A Memorandum of Understanding (MOU) is a binding agreement between a local school district and the Louisiana Department of Education (LDE) that outlines necessary actions that must be implemented at a failing school in order for it to avoid placement in the Recovery School District (RSD). If the district fails to comply with the terms of the MOU or fails to make progress toward the implementation of the school recovery plan during the first year of the agreement, the Department may exercise the option of placing the school in the RSD. The degree of oversight involved in each school’s MOU will vary and will be based on the level of intervention Department officials deem necessary for the school to succeed.
The 2009 School Performance Scores (SPS) report released October 13, 2009 by the Louisiana Department of Education (LDOE shows the Recovery School District is improving school performance in New Orleans schools.
Prior to being transferred to the RSD, most schools were labeled Academically Unacceptable for at least four consecutive years, meaning they failed to meet the minimum score of a 60 SPS. Of the 60 RSD schools that received scores in the LDOE report, 26 have raised their scores to a 60 or higher. Additionally, the District Performance Score (DPS) improved from 51.4 to 54.0 from 2008 to 2009.
The strong performance of RSD charter schools is particularly noteworthy. Three-quarters of the District’s charter schools received scores above 60, giving them a rating of one-star or above. Cick here for Accountability information.
Sounds a lot like Race to the Top??? Maybe that's why I keep seeing the RSD referenced in my RTTT Research. Yet, RSD is not Immune to the challenges facing education today. Check out the flip side:
- The Recovery School District responds to allegations made by the Times-Picayune about their Alternative Programs at Schwarz Academy http://www.rsdla.net/media/NoticesAll/NoticeSingle/09-06-28/RSD_responds_to_Schwarz_Academy_allegations.aspx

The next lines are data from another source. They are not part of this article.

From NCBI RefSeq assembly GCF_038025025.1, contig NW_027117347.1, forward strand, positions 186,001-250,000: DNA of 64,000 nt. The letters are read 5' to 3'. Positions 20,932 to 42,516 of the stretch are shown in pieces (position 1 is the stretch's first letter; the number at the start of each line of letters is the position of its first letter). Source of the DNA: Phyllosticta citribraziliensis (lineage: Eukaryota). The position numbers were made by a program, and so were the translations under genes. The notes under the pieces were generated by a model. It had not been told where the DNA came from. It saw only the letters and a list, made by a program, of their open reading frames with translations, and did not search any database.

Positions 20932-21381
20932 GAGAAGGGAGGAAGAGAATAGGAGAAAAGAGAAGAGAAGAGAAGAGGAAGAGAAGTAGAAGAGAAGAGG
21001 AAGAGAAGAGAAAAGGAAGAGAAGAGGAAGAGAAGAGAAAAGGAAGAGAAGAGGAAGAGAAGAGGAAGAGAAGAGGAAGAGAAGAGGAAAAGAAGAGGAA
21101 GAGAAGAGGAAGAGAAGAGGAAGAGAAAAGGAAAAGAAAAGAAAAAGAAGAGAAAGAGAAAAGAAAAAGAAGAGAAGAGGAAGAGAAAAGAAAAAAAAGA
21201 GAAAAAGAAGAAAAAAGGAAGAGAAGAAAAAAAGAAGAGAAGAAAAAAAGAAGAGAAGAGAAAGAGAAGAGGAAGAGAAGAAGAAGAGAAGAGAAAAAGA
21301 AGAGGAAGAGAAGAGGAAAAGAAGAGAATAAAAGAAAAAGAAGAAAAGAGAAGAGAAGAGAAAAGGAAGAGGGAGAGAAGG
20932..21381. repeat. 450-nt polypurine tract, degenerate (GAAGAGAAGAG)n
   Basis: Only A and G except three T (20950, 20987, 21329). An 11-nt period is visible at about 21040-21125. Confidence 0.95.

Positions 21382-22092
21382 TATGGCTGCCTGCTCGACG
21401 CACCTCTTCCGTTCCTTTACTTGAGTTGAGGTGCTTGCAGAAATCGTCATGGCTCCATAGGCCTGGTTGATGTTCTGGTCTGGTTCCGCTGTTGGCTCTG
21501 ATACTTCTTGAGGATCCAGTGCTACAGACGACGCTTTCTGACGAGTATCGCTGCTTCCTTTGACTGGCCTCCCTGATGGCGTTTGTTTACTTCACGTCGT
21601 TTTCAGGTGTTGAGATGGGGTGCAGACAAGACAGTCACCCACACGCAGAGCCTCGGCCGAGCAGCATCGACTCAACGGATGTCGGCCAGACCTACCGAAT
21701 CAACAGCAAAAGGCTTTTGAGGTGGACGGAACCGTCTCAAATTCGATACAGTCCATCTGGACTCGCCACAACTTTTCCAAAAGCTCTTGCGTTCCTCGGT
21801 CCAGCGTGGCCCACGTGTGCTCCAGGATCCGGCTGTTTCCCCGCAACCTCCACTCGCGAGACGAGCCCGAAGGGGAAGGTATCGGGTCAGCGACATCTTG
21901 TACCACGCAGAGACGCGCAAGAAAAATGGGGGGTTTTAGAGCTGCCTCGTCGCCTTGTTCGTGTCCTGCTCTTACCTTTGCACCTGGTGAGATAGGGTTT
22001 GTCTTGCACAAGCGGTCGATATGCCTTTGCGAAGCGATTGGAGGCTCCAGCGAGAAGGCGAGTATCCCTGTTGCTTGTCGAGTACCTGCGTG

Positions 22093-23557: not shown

- The Recovery School District looks to make charters pay rent. The Recovery School District and the Orleans Parish School Board, the two major overseers of charters in New Orleans, have historically provided their charters rent-free building space. But, in certain cases, it's been unclear whether the district or the charter school bears responsibility for maintenance or repairs on the buildings. Such issues have typically been resolved on a case-by-case basis. "What we are doing now is not sustainable," said Ramsey Green, the district's director of operations, who said nearly half of his staff's time goes to handling the charter requests... More Here: http://www.nola.com/education/index.ssf/2009/12/recovery_school_district_looks.html
- Recovery School District lays off dozens of teachers (August) -- Many replaced by Teach for America. http://www.nola.com/news/index.ssf/2009/08/recovery_school_district_to_la.html
- Recovery School District to close four schools. "The changes reflect a mix of broad goals. The cash-strapped district, which has spent heavily under Superintendent Paul Vallas, is struggling to balance its 2009-10 budget as it braces for the loss of millions in one-time federal dollars next school year. At the same time, the state-run system is moving forward with plans to convert most of its schools to charters, representing one of the nation's largest public school privatization efforts. http://www.nola.com/news/index.ssf/2009/03/recovery_school_district_to_cl.html